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Students will learn the value of coping skills and practice some.
By the end of the lessons, students will be able to:
- Demonstrate their understanding of coping tools and when to use them
- Identify helpful coping skills they can use during difficult times
- Discuss the importance of coping skills and the difference between healthy and unhealthy coping skills
We all have ways we blow off steam, decompress, relax, let go, or deal with life’s difficulties through various coping skills but we aren’t born knowing how to cope! This lesson introduces students to coping skills and provides you with multiple options for activities.
The lesson starts with a Mindful Moment: students learn to count their breath to develop focus. The lesson then introduces students to the concept of coping skills and why we use them. As coping skills is a big topic for middle schoolers, the lesson plan then offers three options for you to select from that best fits your classroom. The lesson closes with a reflection in which students are able to journal some of their thoughts and what they would do next time during a challenging situation.
If children are at home in a stressful situation, a lesson on coping skills can hit the spot!
Students are more likely to have coping skills for using in their home than in class, so ask students to share what makes them feel calm in their home. When choosing coping skills to teach them, choose ones that require no or minimal supplies, such as breathing, lying down with a stuffed animal, taking a bath, etc.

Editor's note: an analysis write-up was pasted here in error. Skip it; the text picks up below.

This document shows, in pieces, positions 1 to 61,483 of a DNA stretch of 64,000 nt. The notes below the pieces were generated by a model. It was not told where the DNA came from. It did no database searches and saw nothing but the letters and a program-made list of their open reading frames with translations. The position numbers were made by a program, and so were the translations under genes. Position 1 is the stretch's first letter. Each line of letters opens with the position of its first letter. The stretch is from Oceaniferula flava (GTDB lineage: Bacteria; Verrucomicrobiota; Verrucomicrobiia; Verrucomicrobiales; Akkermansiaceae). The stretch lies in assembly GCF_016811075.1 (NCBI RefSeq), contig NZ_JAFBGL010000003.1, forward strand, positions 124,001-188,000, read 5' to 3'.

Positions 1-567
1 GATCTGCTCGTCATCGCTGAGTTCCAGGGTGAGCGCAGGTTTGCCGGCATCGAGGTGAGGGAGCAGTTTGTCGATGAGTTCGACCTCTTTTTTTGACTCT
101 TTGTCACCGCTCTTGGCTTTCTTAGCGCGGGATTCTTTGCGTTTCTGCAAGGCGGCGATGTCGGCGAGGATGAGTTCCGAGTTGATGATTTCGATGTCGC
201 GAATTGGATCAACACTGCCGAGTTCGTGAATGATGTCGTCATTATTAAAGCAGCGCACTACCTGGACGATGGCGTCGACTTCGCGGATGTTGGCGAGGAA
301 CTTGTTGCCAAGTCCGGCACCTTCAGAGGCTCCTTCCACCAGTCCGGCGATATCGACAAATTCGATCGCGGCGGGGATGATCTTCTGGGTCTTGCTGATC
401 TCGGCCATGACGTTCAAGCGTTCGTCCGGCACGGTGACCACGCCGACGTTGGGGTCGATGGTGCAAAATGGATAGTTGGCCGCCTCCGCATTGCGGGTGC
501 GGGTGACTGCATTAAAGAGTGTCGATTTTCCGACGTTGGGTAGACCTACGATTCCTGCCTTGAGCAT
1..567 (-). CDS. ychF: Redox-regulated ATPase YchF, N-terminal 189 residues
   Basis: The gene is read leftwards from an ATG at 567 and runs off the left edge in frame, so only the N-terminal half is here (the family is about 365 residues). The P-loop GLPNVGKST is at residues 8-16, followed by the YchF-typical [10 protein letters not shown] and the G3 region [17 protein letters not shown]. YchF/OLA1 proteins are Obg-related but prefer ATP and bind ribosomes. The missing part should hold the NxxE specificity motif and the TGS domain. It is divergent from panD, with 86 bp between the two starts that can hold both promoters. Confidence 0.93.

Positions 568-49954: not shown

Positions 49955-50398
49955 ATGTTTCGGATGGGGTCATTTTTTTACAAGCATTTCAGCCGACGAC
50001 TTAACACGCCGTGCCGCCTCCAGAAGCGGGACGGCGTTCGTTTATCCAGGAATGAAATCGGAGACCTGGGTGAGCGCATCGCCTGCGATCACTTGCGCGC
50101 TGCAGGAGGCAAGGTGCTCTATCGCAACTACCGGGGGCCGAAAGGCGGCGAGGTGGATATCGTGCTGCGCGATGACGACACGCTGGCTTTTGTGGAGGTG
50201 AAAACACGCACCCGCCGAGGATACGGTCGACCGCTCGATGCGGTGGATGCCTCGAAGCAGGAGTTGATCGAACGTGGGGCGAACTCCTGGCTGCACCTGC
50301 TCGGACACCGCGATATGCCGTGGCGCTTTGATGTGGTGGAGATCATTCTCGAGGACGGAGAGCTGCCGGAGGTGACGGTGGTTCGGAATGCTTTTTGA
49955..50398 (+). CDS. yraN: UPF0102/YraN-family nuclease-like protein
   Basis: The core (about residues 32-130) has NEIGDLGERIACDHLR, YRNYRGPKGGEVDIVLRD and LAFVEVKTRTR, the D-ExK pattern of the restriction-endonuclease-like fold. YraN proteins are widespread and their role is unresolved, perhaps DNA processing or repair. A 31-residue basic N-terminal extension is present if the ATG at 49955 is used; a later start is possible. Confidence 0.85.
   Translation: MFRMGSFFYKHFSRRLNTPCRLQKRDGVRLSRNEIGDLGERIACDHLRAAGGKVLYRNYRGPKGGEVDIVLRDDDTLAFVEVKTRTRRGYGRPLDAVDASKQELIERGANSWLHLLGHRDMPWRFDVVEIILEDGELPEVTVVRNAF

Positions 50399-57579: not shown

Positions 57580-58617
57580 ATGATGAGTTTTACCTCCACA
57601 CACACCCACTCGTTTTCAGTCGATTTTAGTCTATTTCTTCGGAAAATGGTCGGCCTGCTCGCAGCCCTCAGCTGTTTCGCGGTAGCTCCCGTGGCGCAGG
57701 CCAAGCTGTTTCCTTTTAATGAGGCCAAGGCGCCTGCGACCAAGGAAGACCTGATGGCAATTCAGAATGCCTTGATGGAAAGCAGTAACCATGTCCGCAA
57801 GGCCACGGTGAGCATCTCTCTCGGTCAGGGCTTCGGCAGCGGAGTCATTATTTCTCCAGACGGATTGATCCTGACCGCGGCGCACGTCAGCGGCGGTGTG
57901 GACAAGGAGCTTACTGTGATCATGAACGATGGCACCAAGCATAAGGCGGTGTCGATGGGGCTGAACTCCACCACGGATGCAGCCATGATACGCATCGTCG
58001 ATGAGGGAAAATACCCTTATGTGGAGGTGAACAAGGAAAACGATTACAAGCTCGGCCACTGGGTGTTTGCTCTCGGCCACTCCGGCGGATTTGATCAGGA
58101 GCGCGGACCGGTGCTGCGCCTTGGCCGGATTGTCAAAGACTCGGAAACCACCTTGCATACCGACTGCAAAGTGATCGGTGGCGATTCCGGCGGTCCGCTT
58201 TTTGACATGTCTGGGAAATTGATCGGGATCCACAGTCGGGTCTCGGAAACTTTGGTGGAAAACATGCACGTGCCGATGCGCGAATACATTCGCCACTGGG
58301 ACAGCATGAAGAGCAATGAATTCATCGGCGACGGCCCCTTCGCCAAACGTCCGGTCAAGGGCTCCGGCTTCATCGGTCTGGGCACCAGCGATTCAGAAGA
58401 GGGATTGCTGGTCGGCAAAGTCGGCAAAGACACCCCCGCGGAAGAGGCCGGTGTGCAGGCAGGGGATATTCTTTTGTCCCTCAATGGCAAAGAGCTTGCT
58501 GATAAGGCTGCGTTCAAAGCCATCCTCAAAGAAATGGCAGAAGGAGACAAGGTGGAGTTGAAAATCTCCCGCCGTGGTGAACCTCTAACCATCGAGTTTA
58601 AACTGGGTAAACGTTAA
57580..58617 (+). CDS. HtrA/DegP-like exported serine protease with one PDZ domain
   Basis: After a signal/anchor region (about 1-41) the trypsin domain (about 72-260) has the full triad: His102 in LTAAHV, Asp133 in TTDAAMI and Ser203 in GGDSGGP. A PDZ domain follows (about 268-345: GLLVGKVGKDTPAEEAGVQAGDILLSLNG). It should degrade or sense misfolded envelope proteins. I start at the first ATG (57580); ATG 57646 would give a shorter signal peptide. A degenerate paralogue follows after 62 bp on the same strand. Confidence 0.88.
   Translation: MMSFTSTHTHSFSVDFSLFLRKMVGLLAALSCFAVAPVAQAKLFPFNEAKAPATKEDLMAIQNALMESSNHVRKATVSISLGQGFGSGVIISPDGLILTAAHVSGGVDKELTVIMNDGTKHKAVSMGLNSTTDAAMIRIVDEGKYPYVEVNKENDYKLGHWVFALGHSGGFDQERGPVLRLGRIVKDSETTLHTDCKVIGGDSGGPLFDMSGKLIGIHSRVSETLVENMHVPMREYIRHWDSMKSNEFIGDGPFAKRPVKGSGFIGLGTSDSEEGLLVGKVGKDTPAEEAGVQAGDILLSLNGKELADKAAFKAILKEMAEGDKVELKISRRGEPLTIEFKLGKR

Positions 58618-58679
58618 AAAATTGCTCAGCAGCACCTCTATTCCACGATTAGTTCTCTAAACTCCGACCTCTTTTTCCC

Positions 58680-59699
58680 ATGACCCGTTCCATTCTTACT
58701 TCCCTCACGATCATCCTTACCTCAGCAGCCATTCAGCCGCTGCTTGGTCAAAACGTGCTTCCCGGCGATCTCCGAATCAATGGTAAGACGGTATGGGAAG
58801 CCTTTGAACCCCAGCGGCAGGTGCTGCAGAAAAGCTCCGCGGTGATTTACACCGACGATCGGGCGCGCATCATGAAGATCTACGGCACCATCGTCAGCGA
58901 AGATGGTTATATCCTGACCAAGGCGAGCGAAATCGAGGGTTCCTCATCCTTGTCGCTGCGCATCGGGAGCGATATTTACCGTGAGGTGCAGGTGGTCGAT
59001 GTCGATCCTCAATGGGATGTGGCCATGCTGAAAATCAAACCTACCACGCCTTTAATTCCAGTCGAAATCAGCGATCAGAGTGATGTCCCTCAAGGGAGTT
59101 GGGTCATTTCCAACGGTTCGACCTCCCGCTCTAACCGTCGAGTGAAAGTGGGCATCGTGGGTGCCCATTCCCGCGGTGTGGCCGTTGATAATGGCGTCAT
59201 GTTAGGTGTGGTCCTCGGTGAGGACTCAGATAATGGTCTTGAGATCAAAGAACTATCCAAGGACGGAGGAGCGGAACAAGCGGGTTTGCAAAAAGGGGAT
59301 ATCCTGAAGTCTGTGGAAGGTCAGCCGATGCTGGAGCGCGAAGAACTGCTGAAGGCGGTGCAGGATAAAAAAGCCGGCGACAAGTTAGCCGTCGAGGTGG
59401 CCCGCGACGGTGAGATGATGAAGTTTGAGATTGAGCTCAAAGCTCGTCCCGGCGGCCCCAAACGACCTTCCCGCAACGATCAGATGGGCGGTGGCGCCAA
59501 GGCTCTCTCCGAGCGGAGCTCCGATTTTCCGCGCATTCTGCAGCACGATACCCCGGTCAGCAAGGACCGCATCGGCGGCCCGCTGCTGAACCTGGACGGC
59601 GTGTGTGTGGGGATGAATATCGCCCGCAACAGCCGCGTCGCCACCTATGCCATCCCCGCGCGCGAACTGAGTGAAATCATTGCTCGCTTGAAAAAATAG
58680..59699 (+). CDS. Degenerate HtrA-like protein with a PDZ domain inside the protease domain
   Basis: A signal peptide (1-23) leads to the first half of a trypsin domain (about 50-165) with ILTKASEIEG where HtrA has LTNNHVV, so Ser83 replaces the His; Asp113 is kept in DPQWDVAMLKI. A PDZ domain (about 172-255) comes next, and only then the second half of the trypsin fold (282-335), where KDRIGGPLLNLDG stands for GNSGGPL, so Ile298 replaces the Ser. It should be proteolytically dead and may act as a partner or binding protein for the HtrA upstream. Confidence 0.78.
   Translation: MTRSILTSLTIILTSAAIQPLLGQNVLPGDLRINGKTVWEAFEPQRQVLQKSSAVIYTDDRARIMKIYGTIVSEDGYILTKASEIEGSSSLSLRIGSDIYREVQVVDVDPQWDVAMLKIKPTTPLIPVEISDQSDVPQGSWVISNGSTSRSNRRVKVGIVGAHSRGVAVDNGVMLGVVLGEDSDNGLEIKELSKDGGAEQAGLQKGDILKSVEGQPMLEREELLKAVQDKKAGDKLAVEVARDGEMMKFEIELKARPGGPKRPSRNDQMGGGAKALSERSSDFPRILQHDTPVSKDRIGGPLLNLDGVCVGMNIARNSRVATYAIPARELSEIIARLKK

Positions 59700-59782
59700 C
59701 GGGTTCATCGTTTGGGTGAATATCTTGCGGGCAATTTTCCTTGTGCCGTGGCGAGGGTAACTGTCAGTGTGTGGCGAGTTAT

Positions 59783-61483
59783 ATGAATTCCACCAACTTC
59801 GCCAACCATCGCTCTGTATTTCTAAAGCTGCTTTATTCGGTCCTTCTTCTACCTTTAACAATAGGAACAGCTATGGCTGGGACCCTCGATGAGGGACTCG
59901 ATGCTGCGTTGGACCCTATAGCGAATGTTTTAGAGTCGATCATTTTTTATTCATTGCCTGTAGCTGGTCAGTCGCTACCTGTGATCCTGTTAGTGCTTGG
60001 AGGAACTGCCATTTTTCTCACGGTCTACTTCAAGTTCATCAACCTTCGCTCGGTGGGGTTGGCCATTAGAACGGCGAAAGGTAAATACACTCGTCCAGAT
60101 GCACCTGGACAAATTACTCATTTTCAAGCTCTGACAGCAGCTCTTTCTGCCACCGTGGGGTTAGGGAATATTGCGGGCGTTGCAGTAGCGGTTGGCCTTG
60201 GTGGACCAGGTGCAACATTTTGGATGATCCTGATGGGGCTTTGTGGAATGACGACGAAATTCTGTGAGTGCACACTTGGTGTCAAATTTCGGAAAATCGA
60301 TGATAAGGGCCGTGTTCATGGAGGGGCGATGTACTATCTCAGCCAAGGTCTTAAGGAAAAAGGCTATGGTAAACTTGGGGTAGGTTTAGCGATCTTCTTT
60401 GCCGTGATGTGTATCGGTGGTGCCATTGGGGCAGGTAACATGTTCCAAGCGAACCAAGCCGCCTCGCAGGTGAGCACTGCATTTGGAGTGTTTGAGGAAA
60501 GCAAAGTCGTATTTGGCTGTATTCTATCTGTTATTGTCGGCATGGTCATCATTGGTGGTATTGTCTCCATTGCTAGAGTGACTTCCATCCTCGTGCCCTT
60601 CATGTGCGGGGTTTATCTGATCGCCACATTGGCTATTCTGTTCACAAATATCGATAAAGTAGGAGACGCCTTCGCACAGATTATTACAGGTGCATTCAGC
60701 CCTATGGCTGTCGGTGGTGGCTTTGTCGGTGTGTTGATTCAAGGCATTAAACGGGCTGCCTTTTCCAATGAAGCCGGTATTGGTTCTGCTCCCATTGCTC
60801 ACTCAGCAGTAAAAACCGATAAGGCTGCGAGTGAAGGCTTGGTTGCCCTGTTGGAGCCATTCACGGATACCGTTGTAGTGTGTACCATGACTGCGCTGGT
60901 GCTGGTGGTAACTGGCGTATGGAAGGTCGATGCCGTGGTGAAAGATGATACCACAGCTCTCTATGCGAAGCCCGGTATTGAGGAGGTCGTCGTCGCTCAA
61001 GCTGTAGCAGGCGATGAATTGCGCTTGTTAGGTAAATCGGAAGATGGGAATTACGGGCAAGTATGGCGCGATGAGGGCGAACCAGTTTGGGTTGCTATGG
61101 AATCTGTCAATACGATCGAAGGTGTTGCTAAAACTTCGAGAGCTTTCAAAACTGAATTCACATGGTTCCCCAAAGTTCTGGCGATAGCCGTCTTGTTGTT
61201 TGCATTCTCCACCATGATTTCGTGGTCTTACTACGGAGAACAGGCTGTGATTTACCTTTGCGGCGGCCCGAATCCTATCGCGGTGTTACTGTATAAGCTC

See lesson one on Mindfulness for some general teaching recommendations about doing live or recorded social-emotional lessons.
The Middle School Scenarios activity can work well online but unless you already have a strong culture around breakout rooms, simply read out the scenarios and have students chat in their answers then choose some students to explain themselves. One tip for chat use is to have students prepare their typed answers but not hit enter until you say “1, 2, 3, enter!” Then have students read each other’s answers and comment on ones they agree with by typing in “+1” and the author’s name, as in “+1 Darnell.”
Give students options of things they can do in their home as a coping skill and give them the assignment of doing at least one. Depending on the socioeconomic conditions of your students (or if you’re able to provide supply boxes), consider assigning students the task of making their own stress ball (see lesson plan for more details).
Ask students to send you a picture of themselves doing something calming, and create a document with all the pictures and share back to them.
Self-management: The ability to successfully regulate one’s emotions, thoughts, and behaviors in different situations — effectively managing stress, controlling impulses, and motivating oneself. The ability to set and work toward personal and academic goals.